0

The full content of Annals is available to subscribers

Subscribe/Learn More  >
Articles |

Hypercalcemia Associated with Increased Serum Calcitriol Levels in Three Patients with Lymphoma

NEIL A. BRESLAU, M.D.; JAMES L. McGUIRE, M.D.; JOSEPH E. ZERWEKH, Ph.D.; EUGENE P. FRENKEL, M.D.; and CHARLES Y. C. PAK, M.D.
[+] Article and Author Information

Grant support: in part by the U. S. Public Health Service Training Grant 1-T32AM07307; Grants AM26253, AM16061, CA23115, and CA18132 from the National Institutes of Health; General Clinical Research Center Grant MO1-RR00633; Program Project Grant AM20543; the Meadows Foundation; and the Southwestern Medical Foundation-Kinsler Williamson Brown Fund.

Presented in part in April 1982 at the annual meeting of the American Society of Clinical Investigation; Washington D.C.

▸Requests for reprints should be addressed to Neil A. Breslau, M.D.; Department of Internal Medicine, University of Texas Health Science Center at Dallas, Southwestern Medical School, 5323 Harry Hines Boulevard; Dallas, TX 75235.


Dallas, Texas


© 1984 American College of PhysiciansAmerican College of Physicians


Ann Intern Med. 1984;100(1):1-7. doi:10.7326/0003-4819-100-1-1
Text Size: A A A

A radioreceptor assay for serum 1,25-dihydroxyvitamin D (calcitriol) was used to screen patients with hypercalcemia of malignancy. Three patients with non-Hodgkin's lymphoma and hypercalcemia (serum Ca, 12.0, 13.4, and 13.0 mg/dL, respectively) had increased serum calcitriol levels (56, 72, and 77 pg/mL, respectively; normal, < 50 pg/mL). Elevated levels of calcitriol, an active vitamin D metabolite, occurred in the presence of significant renal impairment (creatinine clearance, 8 to 19 mL/min) and relative parathyroid suppression (serum immunoreactive parathyroid hormone, 17 to 39 µL-eq/ mL; mean value in end-stage renal disease, 182 ± 39 µLeq/mL). Hypercalcemia and excessive serum calcitriol levels responded to glucocorticosteroid therapy. In two patients, the hypercalcemia and increased serum calcitriol level were related to a tumor, but not to the serum immunoreactive parathyroid hormone level. Fractional intestinal 47Ca absorption, measured in one patient, was increased (0.94; normal, < 0.61) and varied directly with the serum calcitriol level. No patient had evidence of sarcoidosis. Hypercalcemia associated with certain lymphomas may be caused by the increased synthesis of calcitriol by lymphoma cells.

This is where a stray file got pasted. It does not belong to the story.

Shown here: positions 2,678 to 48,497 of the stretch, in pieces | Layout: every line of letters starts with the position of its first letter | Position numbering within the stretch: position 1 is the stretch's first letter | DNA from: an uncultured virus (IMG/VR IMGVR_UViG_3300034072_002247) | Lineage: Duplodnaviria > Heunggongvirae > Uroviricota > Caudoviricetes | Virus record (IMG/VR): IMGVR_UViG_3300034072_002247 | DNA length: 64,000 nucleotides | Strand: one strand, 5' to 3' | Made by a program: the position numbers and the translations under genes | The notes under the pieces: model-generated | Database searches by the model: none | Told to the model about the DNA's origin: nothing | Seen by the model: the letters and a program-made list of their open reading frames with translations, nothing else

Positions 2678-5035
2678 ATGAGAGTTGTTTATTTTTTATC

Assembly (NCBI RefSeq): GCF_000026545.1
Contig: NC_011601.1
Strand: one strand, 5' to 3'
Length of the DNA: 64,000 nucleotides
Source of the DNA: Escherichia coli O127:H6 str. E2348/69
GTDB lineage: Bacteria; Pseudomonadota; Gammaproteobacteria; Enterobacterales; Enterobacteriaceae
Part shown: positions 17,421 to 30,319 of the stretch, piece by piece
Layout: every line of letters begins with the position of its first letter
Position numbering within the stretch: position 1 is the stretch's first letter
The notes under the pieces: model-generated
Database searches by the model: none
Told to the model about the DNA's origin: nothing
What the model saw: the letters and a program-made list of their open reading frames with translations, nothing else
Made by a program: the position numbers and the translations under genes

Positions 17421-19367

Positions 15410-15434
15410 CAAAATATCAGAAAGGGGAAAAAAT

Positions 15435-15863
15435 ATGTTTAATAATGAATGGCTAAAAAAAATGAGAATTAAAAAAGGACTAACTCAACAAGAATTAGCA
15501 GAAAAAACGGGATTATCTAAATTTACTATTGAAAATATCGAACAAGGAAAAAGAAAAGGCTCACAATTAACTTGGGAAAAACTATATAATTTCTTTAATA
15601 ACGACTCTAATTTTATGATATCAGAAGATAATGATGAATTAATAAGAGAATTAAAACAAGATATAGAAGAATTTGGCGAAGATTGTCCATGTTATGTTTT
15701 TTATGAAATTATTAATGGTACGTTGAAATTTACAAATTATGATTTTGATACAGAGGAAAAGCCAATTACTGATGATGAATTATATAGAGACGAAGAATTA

Figures

Tables

References

Letters

NOTE:
Citing articles are presented as examples only. In non-demo SCM6 implementation, integration with CrossRef’s "Cited By" API will populate this tab (http://www.crossref.org/citedby.html).

Comments

Submit a Comment
Submit a Comment

Summary for Patients

Clinical Slide Sets

Terms of Use

The In the Clinic® slide sets are owned and copyrighted by the American College of Physicians (ACP). All text, graphics, trademarks, and other intellectual property incorporated into the slide sets remain the sole and exclusive property of the ACP. The slide sets may be used only by the person who downloads or purchases them and only for the purpose of presenting them during not-for-profit educational activities. Users may incorporate the entire slide set or selected individual slides into their own teaching presentations but may not alter the content of the slides in any way or remove the ACP copyright notice. Users may make print copies for use as hand-outs for the audience the user is personally addressing but may not otherwise reproduce or distribute the slides by any means or media, including but not limited to sending them as e-mail attachments, posting them on Internet or Intranet sites, publishing them in meeting proceedings, or making them available for sale or distribution in any unauthorized form, without the express written permission of the ACP. Unauthorized use of the In the Clinic slide sets will constitute copyright infringement.

Toolkit

Buy Now

to gain full access to the content and tools.

Want to Subscribe?

Learn more about subscription options

Advertisement
Related Articles
Related Point of Care
Topic Collections
PubMed Articles
Forgot your password?
Enter your username and email address. We'll send you a reminder to the email address on record.
(Required)
(Required)